- Noise (28%), parties (26%) and overgrown trees (19%) revealed as the main cause of arguments with neighbours
- Wales unveiled as the location where most neighbour disputes take place
- A quarter (24%) of Brits still have unresolved issues with neighbours
We’re all guilty of having a little moan when our neighbour does something out of place, however, according to new research by regulated property buyers, Good Move two-thirds (64%) of Britons have had arguments with their neighbours.
Good Move delved into Britons relationships with their neighbours to determine the reasons why they have had disputes. According to the research, the top ten reasons are as followed:
1. Playing music loudly (28%)
2. Having loud parties (26%)
3. Plants/trees overgrowing into their property (19%)
4. They park over their driveway or in their spot (17%)
5. They put their rubbish in their bin (16%)
6. They cut their trees down (15%)
7. They don’t take their bins out (15%)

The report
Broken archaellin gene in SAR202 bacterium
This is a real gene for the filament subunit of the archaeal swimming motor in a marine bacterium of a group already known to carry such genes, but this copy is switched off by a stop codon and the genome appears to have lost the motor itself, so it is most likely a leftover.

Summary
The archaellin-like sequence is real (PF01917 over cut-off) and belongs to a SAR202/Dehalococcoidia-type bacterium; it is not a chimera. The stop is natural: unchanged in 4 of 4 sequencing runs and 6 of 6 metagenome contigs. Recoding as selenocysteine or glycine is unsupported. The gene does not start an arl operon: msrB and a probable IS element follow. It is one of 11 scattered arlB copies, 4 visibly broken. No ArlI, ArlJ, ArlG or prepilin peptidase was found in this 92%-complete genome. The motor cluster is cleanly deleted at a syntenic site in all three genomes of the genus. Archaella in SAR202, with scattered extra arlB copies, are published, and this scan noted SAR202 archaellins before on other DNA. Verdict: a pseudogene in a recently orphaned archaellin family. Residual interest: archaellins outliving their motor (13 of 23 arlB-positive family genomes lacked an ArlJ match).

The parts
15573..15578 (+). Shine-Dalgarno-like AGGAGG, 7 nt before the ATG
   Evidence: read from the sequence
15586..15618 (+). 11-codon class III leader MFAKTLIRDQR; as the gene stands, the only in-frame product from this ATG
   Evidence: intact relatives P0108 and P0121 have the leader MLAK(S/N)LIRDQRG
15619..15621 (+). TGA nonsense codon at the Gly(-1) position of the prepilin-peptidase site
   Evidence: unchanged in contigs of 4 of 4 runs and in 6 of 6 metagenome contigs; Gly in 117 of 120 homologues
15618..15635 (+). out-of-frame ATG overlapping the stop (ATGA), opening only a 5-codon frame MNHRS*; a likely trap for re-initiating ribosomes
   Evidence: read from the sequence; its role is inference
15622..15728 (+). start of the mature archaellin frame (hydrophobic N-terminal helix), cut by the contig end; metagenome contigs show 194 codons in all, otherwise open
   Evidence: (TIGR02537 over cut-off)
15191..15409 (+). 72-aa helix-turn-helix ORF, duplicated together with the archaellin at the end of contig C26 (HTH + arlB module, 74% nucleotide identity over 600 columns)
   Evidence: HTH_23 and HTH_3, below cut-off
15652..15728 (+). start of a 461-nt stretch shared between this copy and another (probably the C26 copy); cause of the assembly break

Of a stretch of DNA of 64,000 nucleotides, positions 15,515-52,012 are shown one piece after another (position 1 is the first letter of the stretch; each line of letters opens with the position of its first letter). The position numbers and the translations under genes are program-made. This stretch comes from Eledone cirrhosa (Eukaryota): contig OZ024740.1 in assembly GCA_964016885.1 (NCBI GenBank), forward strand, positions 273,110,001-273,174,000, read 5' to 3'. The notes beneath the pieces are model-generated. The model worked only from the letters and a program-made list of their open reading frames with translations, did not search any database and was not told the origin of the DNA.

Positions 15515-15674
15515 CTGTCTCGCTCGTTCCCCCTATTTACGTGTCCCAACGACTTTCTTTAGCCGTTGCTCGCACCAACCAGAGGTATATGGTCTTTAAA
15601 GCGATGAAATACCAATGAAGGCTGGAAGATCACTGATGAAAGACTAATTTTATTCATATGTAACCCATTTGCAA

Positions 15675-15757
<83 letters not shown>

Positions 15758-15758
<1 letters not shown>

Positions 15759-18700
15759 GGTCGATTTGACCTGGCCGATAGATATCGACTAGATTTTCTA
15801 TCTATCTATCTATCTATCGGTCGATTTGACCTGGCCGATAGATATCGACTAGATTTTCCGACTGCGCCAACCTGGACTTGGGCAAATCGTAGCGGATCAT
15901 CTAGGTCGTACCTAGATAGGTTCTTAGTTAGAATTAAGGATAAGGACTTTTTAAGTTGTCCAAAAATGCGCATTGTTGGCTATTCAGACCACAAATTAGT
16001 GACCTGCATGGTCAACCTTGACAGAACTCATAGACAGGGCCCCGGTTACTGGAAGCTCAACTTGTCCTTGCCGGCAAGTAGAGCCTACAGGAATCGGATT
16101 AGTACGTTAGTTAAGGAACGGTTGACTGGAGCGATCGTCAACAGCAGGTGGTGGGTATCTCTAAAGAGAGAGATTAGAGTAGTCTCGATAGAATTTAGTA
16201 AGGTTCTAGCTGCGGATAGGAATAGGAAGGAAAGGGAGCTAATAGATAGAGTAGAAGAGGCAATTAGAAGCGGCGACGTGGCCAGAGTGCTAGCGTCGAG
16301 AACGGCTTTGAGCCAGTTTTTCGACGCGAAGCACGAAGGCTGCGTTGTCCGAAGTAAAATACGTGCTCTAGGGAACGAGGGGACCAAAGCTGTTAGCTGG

8. They keep knocking things into their garden (13%)
9. They won’t pay for their half of the garden fence (13%)
10. Noisy children (13%)
Other reasons include having loud sex, smoking drugs in the garden and howling dogs. One respondent even said: “They are just a pair of scruffy tramps who live in the dirtiest house in the street.” Awkward!
Delving further into the research, Good Move can also reveal the locations where Brits have had the most disputes with neighbours. The top five are as followed:
1. Wales (72%)
2. Northern England (70%)
3. South West England (69%)
4. South East England (63%)
5. Scotland (60%)
When respondents were asked whether they had resolved issues with their neighbours, 76% said they had meaning a quarter (24%) still have festering problems.
Commenting on the research findings, Nima Ghasri, director at Good Move says: “It’s interesting to see just how many people have had disputes with their neighbours across the UK and the factors that caused these arguments.
“If you’re experiencing issues with your neighbour, I’d always advise to try and discuss the problem with your neighbour first. If you’re worried about approaching them, maybe write a letter and explain the problem clearly. If, however, the problems become serious, I’d recommend making a formal complaint to your local council.”
To read more about the research, head over to: https://goodmove.co.uk/blog/these-are-the-uks-biggest-neighbour-disputes-and-the-worst-regions-for-it/